THE BLOG

Supporting and Empowering Teachers: The Role of School-Community Partnerships

11/10/2015 03:56 pm ET | Updated Nov 10, 2016

Guest Authors: Helen Janc Malone, Director of Institutional Advancement and National Director, Education Policy Fellowship Program and Reuben Jacobson, Deputy Director, Coalition for Community Schools

External accountability, high-stakes testing and a focus on international rankings are dominating much of the global education reform conversations. What will it take to flip the system and empower those closest to the children and youth -- our teachers -- redesign an equity-driven approach to education?

One strategy is to enable teachers to create learning environments responsive to student and community needs. The Los Angeles Education Partnership (LAEP) exemplifies schools where school-community partnership serve as a key vehicle for supporting students. LAEP works closely with a series of Los Angeles Unified School District Pilot Schools that offer autonomy and put teachers front and center in the educational change efforts.

In the Pilot Schools, teachers have a voice in school governance (alongside parents, administrators, and other stakeholders), professional learning and partnerships decisions.

Teachers organize community meetings, engage families and create partnerships that strengthen the school community. These schools have created environments where teachers can focus on instructional practices, common planning time and other strategies that support engaging and interdisciplinary learning. Outside partners, support student learning through a whole child approach, addressing their developmental, health, and social needs during school day or in out-of-school time hours.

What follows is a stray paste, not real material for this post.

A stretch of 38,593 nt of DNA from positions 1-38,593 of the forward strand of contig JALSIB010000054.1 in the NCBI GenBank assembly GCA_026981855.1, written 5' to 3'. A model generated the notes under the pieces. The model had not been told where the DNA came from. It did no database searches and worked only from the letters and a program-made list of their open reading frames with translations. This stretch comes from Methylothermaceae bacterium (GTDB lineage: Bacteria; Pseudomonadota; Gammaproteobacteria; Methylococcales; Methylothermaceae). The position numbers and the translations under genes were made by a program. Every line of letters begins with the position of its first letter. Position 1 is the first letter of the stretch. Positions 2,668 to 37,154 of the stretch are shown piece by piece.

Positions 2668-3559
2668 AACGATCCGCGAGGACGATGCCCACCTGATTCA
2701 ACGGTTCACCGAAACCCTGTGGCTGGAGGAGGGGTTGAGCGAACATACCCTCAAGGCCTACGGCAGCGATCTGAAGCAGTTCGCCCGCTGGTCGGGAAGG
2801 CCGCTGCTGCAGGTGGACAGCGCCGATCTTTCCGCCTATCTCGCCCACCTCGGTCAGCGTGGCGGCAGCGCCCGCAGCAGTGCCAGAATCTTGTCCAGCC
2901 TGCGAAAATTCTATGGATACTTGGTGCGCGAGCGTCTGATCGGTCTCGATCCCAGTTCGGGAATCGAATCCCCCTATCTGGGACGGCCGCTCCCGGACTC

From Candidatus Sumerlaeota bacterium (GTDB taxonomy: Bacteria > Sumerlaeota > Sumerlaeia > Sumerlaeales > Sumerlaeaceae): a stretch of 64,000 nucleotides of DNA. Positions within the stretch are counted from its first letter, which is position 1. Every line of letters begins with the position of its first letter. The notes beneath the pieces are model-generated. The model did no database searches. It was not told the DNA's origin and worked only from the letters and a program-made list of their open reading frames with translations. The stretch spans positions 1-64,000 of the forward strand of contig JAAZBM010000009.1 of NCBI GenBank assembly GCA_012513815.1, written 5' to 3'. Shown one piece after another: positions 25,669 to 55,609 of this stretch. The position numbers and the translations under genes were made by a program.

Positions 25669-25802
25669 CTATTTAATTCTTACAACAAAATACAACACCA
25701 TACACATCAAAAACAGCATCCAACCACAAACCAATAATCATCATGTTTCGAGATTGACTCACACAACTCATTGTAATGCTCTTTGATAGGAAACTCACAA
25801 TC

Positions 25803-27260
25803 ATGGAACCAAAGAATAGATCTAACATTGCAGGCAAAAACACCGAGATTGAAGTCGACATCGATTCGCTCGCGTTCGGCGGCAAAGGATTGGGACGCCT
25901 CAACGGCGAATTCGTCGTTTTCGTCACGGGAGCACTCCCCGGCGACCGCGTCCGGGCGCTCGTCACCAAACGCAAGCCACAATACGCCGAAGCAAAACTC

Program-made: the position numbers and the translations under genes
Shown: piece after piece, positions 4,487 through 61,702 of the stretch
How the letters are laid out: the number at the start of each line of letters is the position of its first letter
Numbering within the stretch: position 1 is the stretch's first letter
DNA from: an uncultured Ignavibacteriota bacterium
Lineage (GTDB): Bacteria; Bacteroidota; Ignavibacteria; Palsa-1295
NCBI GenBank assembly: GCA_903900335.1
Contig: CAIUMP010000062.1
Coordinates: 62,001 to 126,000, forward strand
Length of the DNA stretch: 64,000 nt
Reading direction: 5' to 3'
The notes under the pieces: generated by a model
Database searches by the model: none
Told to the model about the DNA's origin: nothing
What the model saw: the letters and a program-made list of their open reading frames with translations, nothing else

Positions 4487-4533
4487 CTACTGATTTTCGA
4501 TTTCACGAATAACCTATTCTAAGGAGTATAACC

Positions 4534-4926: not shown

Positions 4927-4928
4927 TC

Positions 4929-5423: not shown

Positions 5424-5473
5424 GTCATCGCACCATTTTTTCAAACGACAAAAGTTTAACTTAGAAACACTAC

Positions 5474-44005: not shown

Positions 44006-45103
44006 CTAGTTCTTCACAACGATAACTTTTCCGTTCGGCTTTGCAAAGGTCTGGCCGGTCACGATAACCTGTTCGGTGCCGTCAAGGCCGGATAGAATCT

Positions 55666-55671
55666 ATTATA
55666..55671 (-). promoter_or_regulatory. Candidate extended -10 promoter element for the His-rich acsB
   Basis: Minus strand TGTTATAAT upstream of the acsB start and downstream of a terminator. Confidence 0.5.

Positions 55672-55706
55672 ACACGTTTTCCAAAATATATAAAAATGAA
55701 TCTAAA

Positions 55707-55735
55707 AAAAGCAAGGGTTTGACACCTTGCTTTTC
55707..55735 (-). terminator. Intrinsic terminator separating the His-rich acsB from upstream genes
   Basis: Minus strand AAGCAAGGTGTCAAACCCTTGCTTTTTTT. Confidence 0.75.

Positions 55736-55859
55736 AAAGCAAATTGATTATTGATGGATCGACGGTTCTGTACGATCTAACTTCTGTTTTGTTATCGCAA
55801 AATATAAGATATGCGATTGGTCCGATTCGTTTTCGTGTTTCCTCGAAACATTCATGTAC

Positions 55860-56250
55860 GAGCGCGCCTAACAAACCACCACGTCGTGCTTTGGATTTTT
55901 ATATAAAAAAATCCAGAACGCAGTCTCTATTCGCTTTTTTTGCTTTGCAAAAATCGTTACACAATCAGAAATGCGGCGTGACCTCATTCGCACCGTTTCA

Social Justice Humanitas Academy Pilot School (SJHA), for instance, supports students through teams that include the principal, teachers, and a community school coordinator. Teams examine student's academic and social emotional needs, and work together to align supports with those needs. This structure gives teachers voice and empowers them as critical actors in the daily life of their school and their students. SJHA recently won a national award from the Coalition for Community Schools as well as a new network, Teacher-Powered Schools.

As former L.A. teacher and current Humanitas principal Jose Navarro noted when applying to become a Pilot School:

We're interested in who's going to be making decisions with the students in mind. Too long teachers have been out of the policy aspect of education. We've been receiving the orders. We'd like to be part of the conversation make sure the right things are being done (LAEP, 2012).

Community-school partnerships and teacher empowerment are key drivers of Pilot Schools in L.A. and across the country. The two strategies are complementary. When schools partner with diverse community providers, not only do students receive support in diverse ways, but teachers have access to professional development and collaboration time that might not otherwise be available. Further, by engaging teachers in governance and partnership matters, teachers are able to work directly with community and families and to set the direction for the school. This builds mutual trust, a shared vision, expands professional development and strengthens social capital among adults serving students.

Research and best practices from the field tell us that teachers benefit from a shared leadership model, whereby teachers not only have a seat at a table, but are leading conversations that empower their classrooms, their students, and the school community at large.

Note: This post draws from our chapter in a recently released book, Flip the System: Changing Education from the Ground Up (Routledge, 2015). The book explores grass-roots, school-community ideas as levers for educational change. It balances expert and practitioner voices across four areas: a) accountability, privatization, and control; b) a new paradigm to flip the system (teacher agency, distributed leadership); c) a change to the system: collective autonomy (whole-systems approach); and d) supporting and activating teachers.